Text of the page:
On 18 October 2014 01:48, Andy Blunden <email@example.com
No, LSV is quite right, Huw. You and I can go through the same
sequence of events, but if, for example, the events really get
under your skin, and perhaps due to past experiences, or to some
sensitivity or another, it really shakes you up and causes you to
dwell on the experience, work over it and reflect on it, then most
likely you will make a personal development. If perhaps on other
hand, maybe because of some prejudice I had, the same experience
just went like water off a duck's back for me and I didn't care
tuppence about the experience and just simply turned to next
business, then I will not make a development.
But does ANL refute this? He is simply asserting that experience is
derivative to activity, not that meaningful things don't follow from
It is *only* the "subjective" side of experience and the
*reflection* of "objective" relations/events that forms personal
development. Only. And that is LSV's point.
And it is ANL's point that these experiences arise in activity. Note
that LSV doesn't provide a medium for their formation, he simply
refers to them as forms.
And can I just echo Martin and David's observation that
consciousness before language was well-known and foundational to
Vygotsky, and consequently consciousness other than language. And
Julian and Mike's observation that "the ideal" lies ultimately in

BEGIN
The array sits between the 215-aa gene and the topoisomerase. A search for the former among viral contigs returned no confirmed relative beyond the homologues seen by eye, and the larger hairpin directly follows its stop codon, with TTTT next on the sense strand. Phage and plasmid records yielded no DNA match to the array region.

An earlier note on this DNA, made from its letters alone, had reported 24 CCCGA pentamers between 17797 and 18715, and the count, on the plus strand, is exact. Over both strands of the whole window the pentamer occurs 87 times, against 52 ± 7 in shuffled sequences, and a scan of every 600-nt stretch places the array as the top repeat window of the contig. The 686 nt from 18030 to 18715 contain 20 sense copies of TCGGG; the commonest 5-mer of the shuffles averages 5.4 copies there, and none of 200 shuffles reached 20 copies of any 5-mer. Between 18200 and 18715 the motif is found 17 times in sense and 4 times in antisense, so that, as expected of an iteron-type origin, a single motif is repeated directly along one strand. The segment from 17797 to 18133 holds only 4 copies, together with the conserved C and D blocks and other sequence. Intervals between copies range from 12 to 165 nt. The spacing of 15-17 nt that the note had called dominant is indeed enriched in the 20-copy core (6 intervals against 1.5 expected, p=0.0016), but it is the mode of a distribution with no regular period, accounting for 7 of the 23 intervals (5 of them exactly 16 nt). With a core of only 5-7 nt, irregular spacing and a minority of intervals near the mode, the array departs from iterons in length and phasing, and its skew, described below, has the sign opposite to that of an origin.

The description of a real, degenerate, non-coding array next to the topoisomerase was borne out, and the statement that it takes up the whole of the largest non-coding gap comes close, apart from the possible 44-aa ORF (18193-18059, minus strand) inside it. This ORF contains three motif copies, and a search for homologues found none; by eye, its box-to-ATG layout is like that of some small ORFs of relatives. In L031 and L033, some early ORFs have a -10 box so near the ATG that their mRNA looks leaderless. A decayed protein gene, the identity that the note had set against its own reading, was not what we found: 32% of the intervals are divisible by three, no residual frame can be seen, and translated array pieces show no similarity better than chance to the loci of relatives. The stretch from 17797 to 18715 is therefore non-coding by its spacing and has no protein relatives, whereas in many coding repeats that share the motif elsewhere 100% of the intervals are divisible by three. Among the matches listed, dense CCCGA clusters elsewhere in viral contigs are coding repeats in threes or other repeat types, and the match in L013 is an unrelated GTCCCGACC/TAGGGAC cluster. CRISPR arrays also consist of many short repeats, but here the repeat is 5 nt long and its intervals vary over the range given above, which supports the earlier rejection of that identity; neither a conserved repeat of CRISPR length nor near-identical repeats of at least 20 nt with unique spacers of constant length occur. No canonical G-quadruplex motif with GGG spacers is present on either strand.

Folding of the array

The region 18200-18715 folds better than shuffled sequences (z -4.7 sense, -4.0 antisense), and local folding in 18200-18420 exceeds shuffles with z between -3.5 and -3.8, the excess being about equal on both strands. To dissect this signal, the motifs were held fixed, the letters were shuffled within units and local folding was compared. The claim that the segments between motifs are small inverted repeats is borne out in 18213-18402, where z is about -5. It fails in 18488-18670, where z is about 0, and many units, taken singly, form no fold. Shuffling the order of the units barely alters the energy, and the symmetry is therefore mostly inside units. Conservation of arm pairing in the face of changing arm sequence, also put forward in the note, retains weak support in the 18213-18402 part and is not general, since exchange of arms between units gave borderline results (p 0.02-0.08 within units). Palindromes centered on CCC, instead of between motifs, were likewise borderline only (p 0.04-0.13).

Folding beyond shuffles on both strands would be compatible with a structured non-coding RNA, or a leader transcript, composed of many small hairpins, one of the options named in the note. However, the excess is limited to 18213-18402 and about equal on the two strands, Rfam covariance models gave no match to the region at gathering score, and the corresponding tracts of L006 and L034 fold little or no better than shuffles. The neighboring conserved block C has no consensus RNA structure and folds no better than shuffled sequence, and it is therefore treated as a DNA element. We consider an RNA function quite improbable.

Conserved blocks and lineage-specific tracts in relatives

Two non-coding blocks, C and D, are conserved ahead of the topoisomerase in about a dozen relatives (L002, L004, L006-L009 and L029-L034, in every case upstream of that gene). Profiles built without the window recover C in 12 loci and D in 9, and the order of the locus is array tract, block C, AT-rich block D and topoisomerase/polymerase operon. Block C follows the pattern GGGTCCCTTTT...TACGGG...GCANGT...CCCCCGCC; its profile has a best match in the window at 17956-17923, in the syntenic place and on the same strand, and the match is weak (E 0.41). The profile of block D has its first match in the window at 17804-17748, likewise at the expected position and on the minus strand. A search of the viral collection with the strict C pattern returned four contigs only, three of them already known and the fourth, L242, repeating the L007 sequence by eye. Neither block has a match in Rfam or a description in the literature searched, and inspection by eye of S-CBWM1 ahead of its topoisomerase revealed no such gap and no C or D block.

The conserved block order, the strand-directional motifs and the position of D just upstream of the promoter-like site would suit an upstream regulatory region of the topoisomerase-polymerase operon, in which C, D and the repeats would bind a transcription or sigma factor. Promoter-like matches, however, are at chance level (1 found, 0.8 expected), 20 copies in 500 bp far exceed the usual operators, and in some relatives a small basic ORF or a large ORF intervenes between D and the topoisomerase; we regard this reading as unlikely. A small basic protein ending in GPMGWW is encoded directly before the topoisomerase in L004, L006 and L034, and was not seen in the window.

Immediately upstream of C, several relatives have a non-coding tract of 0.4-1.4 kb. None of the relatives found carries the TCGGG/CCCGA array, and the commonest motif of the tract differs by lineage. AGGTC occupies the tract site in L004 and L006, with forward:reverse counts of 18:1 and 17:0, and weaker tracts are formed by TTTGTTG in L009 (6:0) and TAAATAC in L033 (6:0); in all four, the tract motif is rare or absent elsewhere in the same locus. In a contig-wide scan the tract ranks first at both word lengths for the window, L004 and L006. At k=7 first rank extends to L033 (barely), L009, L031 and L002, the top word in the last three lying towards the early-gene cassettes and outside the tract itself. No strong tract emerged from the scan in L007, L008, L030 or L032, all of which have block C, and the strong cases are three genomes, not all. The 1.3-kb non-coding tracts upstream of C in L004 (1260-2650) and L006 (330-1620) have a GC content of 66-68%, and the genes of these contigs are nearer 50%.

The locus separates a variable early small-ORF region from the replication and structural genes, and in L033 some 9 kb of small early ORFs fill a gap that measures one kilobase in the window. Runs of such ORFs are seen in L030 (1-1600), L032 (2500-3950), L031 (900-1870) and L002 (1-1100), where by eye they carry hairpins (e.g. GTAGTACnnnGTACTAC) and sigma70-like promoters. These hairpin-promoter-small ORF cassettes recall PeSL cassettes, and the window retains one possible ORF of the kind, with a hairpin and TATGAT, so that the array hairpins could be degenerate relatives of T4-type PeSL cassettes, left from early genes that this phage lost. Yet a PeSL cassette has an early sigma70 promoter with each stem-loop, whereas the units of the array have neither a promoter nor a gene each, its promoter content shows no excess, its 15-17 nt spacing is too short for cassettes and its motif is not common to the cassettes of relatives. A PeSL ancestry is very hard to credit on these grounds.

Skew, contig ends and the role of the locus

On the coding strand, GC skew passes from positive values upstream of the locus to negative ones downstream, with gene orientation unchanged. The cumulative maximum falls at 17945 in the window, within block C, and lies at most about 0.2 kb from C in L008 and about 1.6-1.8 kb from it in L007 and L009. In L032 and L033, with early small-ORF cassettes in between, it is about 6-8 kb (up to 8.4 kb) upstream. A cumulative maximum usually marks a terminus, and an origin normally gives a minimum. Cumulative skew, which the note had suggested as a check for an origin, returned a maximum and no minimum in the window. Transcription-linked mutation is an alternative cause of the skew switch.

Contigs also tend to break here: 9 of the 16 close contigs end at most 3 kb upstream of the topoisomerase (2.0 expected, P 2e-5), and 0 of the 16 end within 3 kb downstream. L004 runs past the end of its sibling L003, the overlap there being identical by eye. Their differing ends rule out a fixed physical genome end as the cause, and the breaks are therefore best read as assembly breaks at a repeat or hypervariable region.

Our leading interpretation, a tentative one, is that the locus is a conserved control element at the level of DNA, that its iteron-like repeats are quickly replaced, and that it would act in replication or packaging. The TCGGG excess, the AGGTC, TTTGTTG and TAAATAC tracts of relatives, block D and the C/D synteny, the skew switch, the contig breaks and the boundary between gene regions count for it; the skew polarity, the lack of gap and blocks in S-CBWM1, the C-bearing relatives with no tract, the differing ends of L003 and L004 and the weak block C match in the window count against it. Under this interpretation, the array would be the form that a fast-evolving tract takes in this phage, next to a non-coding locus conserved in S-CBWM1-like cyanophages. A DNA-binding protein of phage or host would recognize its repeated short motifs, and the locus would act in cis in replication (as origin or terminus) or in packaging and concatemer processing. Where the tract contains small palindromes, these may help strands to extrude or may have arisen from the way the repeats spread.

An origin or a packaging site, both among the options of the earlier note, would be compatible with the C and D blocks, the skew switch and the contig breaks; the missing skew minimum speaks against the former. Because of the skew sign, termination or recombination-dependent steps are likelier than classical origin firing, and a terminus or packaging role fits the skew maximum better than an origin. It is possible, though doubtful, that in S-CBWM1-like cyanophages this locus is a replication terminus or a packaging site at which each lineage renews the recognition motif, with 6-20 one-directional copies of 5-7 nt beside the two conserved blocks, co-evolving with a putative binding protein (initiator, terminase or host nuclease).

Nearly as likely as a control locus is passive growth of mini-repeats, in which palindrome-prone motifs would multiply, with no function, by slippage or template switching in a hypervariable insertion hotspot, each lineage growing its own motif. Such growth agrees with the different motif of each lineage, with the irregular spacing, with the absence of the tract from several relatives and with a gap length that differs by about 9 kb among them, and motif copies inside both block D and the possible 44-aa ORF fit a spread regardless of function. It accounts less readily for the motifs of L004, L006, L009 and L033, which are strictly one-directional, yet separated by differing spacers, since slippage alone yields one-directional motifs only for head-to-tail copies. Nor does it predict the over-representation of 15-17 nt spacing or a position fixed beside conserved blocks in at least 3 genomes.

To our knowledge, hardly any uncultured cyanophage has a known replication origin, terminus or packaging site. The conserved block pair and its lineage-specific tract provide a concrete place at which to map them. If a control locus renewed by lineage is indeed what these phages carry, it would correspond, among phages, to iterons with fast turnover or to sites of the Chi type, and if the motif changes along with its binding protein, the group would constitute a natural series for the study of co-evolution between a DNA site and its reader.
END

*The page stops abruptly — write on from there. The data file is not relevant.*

social practices, the doing-side of which give content and meaning
to speech which speech would lack outside its being part of those
activities. Vygotsky knew this, and this was why he introduced a
range artifacts derived from the wider culture, as mediating
elements, into social interaction.
So ANL is going along with the still widely held prejudice that
Vygotsky was *just* all about language. Not true.
I would read these in terms of the opening paragraph ("propositions
that have been connected to a unified system, but are far from
equivalent") and then there is the politics of survival.
Huw Lloyd wrote:
Hence ANL is right to impute (metaphysical) idealistic
tendencies to this
paper of LSV's. Because to base the development on subjective
experience is idealistic. ANL, conversely, refers to the
experience upon activity. It does not help that LSV refers to
his norms as
ideals and that all of the examples he provides are about speech
communication. It is ripe for misinterpretation as an